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Gas prices fall across most of U.S.

Staff Report • Oct 7, 2019 at 6:00 PM

NASHVILLE — Gas prices are falling across most of the United States, though motorists are still paying more at the pump than they did a month ago.

Tennessee’s average gas price is $2.35, which is 2 cents less than one week ago, 9 cents more than last month and 35 cents less than this time last year, AAA reported. The national average is unchanged from last week at $2.65 but is 8 cents more than a month ago and 26 cents less than a year ago.

On Monday, 51% of all gas stations in the country were selling regular unleaded for $2.50 or less, while 77% were selling for $2.75 or less. Most motorists around the country are seeing prices decline or stabilize, with the majority of states seeing gas prices decrease by as much as a nickel since last Monday.

Significant price jumps in California (+16 cents on the week) have pushed prices higher for motorists in that region, as gasoline stocks tighten along the West Coast.

“All regions are seeing planned and unplanned refinery maintenance, but it is only the West Coast that is really seeing gasoline stocks tighten and gas prices increase,” said Jeanette Casselano, AAA spokesperson, in a press release. “On the whole, we are seeing gasoline demand mostly push lower amid stable but healthy gasoline stock levels, which are ultimately keeping prices cheaper for most motorists.”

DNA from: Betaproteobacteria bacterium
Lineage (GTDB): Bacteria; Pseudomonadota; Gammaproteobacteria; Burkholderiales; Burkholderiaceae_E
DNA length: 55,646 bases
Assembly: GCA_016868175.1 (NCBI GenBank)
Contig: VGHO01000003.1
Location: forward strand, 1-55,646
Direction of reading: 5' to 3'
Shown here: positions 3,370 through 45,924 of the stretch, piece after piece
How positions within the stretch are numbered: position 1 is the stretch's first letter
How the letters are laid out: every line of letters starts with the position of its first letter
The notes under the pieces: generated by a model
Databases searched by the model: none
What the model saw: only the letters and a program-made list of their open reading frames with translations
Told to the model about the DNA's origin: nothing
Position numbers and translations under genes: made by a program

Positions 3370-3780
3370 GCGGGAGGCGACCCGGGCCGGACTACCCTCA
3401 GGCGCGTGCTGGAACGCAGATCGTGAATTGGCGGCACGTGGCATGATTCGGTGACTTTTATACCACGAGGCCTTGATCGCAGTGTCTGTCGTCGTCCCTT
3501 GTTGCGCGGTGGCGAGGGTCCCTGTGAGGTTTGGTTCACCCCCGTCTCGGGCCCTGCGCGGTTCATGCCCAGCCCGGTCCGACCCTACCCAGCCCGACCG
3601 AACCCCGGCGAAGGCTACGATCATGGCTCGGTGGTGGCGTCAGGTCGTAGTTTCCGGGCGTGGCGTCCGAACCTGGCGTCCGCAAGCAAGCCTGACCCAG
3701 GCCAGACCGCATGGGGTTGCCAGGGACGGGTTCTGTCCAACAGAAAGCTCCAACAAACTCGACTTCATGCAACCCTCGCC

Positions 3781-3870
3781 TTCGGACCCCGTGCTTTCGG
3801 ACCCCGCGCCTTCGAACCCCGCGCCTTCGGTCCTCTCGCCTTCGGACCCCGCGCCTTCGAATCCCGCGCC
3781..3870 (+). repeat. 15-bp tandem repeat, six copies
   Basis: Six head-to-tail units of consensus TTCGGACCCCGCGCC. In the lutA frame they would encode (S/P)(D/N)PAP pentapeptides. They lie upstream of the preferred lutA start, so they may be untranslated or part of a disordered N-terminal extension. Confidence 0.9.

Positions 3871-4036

Local averages

• Johnson City ($2.35)

• Kingsport-Bristol ($2.31)

Most expensive gas prices in the state

• Jackson ($2.39)

• Nashville ($2.38)

• Memphis ($2.38)

Least expensive gas prices in the state

• Cleveland ($2.24)

• Morristown ($2.25)

• Chattanooga ($2.26)

What about oil?

At the close of Friday’s formal trading session on the New York Mercantile Exchange, West Texas Intermediate crude increased by 36 cents to settle at $52.81, AAA reported.

Crude prices ended the week lower after continued trade tensions between the U.S. and China worried market observers. Those fears grew after the World Trade Organization ruled that the U.S. could impose tariffs on imports from the European Union.

Increased tariffs could reduce global crude demand, helping to push prices down even further while crude supplies continue to increase. In this week's report from the Energy Information Administration, the agency reported that total domestic crude inventories grew by 3.1 million barrels last week. At 422.6 million barrels, crude stocks are 18.7 million barrels higher than where they were at this time last year.

To view daily gas price averages, visit www.GasPrices.AAA.com.